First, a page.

2018 Developer Skills Report provided by HackerRank.
1 in 4 developers started coding before they could drive.
It’s never too early — or too late! — to start coding. Of the roughly 39,000 developers surveyed across all professional levels, more than a quarter of developers wrote their first piece of code before they were 16 years old.
Meanwhile, of all the developers who started coding after the age of 26, 36% are now senior or even higher-level developers, growing quickly in their careers.
Unlike generations thereafter, if kids of the seventies wanted to see innovative technology, they’d have to build it themselves — they had no other choice.
There were no widespread resources to teach them how to build software. Almost half of all developers (47%) between the ages of 45 and 54 started coding before they were 16 years old.
Meanwhile, developers between 18 and 24 today are the least likely to have started coding before 16 (only 20%).
Developers between the ages of 45 and 54 were among the first to get their hands on relatively powerful PCs, like the Acorn Archimedes, TRS-80, Commodore 64, and Apple II.
With limited to no access to formal education, young people in the PC Revolution had an unusually strong drive to learn to code on their own.
It seems like every year there’s a new hallmark programming language, framework or library that proliferates across developer blogs.
First, it was all about Backbone.js. Now, everyone is raving about AngularJS and React. Self-teaching is the norm for developers of all ages. Even though 67% of developers have CS degrees, roughly 74% said they were at least partially self-taught.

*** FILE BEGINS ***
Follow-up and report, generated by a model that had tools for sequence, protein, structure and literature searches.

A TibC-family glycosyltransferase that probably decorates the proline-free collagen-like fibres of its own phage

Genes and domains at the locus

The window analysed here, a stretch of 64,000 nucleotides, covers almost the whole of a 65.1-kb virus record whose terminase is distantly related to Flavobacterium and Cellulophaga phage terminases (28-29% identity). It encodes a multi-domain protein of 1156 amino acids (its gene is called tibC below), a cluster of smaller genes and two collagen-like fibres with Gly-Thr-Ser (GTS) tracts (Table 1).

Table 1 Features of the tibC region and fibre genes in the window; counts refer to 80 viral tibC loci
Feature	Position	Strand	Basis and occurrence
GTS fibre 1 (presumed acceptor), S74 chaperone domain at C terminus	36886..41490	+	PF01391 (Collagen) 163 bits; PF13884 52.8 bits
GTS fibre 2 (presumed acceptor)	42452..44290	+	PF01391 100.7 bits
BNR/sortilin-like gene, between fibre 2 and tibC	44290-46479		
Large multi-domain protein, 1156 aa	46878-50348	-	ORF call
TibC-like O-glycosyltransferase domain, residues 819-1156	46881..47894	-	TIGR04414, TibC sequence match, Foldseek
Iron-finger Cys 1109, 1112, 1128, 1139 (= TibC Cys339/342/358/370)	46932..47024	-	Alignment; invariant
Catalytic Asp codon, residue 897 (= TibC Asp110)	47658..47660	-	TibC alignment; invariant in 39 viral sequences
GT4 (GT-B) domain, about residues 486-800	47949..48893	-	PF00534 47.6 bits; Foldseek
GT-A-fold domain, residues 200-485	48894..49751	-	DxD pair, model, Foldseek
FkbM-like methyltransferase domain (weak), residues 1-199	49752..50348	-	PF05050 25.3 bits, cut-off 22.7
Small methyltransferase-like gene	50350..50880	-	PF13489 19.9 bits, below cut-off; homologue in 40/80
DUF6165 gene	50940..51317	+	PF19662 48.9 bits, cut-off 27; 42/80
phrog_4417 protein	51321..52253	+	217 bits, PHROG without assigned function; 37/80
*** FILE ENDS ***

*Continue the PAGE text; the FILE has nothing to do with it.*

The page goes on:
On average, developers know 4 languages, and they want to learn 4 more. The degree of thirst for learning varies by generations — young developers between 18 and 24 plan to learn 6 languages, whereas folks older than 35 only plan to learn 3.
Since programming is centered on independent research aimed at solving new challenges, self-teaching is a major part of being a successful developer.
In choosing what to learn next, the best guiding principle is to plant yourself in one discipline and learn tools as a means to grow. Tools will always change.
Ultimately, it’s curiosity and genuine interest in programs that should fuel the drive to learn new tools and adapt to tech’s evolving landscape.
Even though new languages arise frequently, it’s most important for developers to master core, legacy languages.
React has the biggest delta between percentage of developers who know the framework and percentage of employers who look for candidates with this skillset.
In other words, there’s a big opportunity for developers to learn React as a marketable skill that companies need today.
Problem-solving skills are almost unanimously the most important qualification that employers look for….more than programming languages proficiency, debugging, and system design.
Demonstrating computational thinking or the ability to break down large, complex problems is just as valuable (if not more so) than the baseline technical skills required for a job.
There’s a popular belief that recruiters favor candidates with CS degrees from prestigious universities. But it turns out that they actually care about what you’ve done — not where you went to school. An overwhelming majority of hiring managers said they look for proven skill, such as previous work, years of experience, and projects/GitHub.
Regardless of company size, 9 out of 10 hiring managers say previous experience and years of experience — both indicators of skill — are among the most popular qualifications.
What you do matters more than anything else. Small companies place a higher value on the portfolio: 80% versus 66% of large companies.
Companies are looking at GitHub and projects to supplement resumes and evaluate skills better.
When we filtered the data by roles, we found that those in a C-level positions, including founders, CTOs and VPs, valued GitHub projects more than years of experience.
Prestige of degree dropped even further in importance for these folks.